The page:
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Tree to 30 m, trunk straight, erect, stately, 1 m dbh. Bark scaly, greyish or reddish brown, breaking into plates separated by longitudinal fissures. Crown dense, forming a dome. Branchlets reddish brown, thick; vegetative buds not resinous. Leaves in fascicles of three or sometimes in pairs, not or slightly pendulous, greyish green or bright green, triangular in cross-section, 10–30 × 0.12 cm, apex acute. Fascicle sheaths persistent. Cataphylls dark brown to black, gradually eroding. Male strobili yellowish to yellowish brown, ovoid, 1.5 × 0.5 cm. Female cones lateral, in whorls of two to five, with short, stout peduncles; cones 5–10 cm long, green then yellow-brown to chestnut-brown, mature cones ovoid-conical, mature in about 20 months, opening in the following summer. Scales 3 × 1.5 cm, oblong-ellipsoid, hard, stiff, woody; apophysis swollen, rounded; umbo dorsal, slightly sunken or slightly protruding, with a minute prickle. Seeds brown, 5–6 mm; wings 1.2–1.4 cm long. Fu et al. 1999c, Farjon 2005a. Distribution CHINA: eastern Guangxi, eastern Guizhou, southern Sichuan, Yunnan. Habitat Mountains, high plateaus, river valleys, between 400 and 3100 m asl. USDA Hardiness Zone 9. Conservation status Lower Risk. Illustration Fu et al. 1999c, Farjon 2005a; NTix, NT629. Cross-references B246, S381, K248. Taxonomic note Var. tenuifolia from river valleys in Guangxi and Guizhou, placed in synonymy by Farjon (2001), has pendulous leaves less than 0.1 cm wide.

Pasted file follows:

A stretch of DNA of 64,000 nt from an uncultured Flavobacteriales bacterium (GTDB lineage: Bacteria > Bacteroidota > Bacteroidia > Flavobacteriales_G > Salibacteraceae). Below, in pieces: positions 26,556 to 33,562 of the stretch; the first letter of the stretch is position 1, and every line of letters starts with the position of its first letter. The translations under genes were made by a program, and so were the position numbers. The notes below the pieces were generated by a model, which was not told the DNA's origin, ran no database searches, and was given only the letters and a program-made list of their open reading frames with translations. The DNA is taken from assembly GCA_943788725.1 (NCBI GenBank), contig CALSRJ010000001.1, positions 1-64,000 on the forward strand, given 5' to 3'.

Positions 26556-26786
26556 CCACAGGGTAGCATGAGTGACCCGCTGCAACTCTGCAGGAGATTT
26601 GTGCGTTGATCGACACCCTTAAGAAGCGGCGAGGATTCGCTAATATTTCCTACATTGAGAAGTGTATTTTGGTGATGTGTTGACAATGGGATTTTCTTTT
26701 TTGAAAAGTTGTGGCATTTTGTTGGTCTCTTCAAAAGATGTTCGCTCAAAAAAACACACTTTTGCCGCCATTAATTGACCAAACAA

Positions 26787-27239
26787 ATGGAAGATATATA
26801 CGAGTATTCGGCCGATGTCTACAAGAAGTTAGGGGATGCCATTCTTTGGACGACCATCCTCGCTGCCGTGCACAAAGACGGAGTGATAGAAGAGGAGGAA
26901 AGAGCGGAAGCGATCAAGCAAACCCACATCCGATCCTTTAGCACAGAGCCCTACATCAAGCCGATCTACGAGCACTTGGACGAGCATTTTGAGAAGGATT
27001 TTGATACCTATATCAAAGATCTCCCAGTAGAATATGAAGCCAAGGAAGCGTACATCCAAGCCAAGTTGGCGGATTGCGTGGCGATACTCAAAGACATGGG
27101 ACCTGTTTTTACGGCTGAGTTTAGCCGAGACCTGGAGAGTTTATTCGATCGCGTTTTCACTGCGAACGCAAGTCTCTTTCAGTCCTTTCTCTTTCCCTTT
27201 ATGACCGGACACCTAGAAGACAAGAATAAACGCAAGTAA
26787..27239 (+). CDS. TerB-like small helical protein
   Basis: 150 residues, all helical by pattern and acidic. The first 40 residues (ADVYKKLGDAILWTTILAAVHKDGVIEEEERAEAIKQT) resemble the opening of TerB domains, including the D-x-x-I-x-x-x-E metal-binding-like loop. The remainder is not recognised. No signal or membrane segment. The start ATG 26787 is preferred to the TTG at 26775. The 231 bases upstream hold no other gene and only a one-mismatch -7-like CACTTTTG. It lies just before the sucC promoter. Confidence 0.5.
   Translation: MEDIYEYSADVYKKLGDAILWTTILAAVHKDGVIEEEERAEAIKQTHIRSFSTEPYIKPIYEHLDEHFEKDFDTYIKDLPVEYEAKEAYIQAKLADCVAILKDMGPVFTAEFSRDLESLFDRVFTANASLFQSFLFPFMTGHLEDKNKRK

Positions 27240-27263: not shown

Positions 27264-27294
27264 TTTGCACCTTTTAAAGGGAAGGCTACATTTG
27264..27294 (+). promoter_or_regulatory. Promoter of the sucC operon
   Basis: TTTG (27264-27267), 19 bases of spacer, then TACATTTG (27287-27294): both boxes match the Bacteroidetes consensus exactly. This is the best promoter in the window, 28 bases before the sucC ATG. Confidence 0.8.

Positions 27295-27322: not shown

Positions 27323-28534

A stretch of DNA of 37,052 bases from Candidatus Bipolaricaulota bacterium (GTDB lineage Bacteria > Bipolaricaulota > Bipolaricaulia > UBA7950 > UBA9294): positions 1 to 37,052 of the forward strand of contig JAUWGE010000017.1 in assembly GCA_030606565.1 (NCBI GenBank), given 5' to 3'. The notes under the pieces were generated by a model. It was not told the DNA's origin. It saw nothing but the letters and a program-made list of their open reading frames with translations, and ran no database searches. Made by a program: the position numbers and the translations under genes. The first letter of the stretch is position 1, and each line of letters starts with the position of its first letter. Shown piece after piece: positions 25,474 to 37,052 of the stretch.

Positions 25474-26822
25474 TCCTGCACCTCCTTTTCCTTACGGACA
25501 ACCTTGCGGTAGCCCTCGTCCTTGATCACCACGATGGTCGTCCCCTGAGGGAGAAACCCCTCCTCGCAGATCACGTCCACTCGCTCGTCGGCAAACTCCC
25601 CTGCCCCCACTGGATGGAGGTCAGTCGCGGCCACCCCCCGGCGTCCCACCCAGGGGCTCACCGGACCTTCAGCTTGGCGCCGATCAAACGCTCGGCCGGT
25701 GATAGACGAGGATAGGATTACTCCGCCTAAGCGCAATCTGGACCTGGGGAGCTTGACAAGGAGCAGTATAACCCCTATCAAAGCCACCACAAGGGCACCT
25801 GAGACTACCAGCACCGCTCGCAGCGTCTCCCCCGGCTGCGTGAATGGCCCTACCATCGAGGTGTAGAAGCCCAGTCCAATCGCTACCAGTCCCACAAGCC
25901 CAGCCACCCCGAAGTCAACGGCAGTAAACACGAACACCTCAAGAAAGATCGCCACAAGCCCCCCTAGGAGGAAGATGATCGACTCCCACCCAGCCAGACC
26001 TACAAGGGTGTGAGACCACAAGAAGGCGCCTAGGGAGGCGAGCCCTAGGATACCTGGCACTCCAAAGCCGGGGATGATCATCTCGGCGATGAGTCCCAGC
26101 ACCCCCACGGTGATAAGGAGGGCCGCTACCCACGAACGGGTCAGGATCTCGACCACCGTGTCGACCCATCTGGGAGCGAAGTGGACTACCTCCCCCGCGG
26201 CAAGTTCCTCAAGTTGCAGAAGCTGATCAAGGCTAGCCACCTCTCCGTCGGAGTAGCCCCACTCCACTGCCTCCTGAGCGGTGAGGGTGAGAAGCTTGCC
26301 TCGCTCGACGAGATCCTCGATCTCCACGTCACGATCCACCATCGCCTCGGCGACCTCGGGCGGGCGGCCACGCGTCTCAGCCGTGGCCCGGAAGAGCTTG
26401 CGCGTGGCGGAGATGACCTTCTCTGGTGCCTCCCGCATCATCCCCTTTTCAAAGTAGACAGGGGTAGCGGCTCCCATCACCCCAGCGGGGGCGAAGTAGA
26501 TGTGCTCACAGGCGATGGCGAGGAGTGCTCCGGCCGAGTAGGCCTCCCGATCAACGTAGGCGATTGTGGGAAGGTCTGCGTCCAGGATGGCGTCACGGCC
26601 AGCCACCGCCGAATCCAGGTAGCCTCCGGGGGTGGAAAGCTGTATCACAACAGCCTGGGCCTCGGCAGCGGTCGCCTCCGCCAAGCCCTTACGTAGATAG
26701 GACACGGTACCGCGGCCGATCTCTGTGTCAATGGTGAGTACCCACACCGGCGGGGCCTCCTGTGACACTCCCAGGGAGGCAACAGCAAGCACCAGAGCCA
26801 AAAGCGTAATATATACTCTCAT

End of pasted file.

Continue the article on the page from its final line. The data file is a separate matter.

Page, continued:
Although it was introduced by Wilson, Pinus yunnanensis did not achieve wide cultivation until recently and was given only cursory treatment by Bean (1976b). It may not be the most spectacular pine in the world, but its frequent reintroductions in recent years are grounds for it receiving a fuller treatment here. The three old trees of P. yunnanensis surviving at Kew are from Wilson’s collections in Sichuan in November 1908 (Wilson 1396, 1399), sent from the Arnold Arboretum (where no examples of this species are currently grown). They have made good, though relatively short trees of 15–17 m, with dense crowns containing many long-persistent cones. The bark is thick and dark, though the ridges are reddish. A grafted young tree from Wilson 1399 grows with them. As noted above, recent reintroductions have been numerous; the 2001 catalogue of the Royal Botanic Garden Edinburgh lists accessions from six different sources, from the Sino-British Cangshan Expedition, 1981 (SBEC 109, 1043) through to Jennifer Bute’s gathering (no. 16) in 1997. The species seems to do well in most parts of the British Isles, and is grown in a few collections in continental Europe. In North America it is found in West Coast arboreta and nurseries, but seems to be absent from collections further east.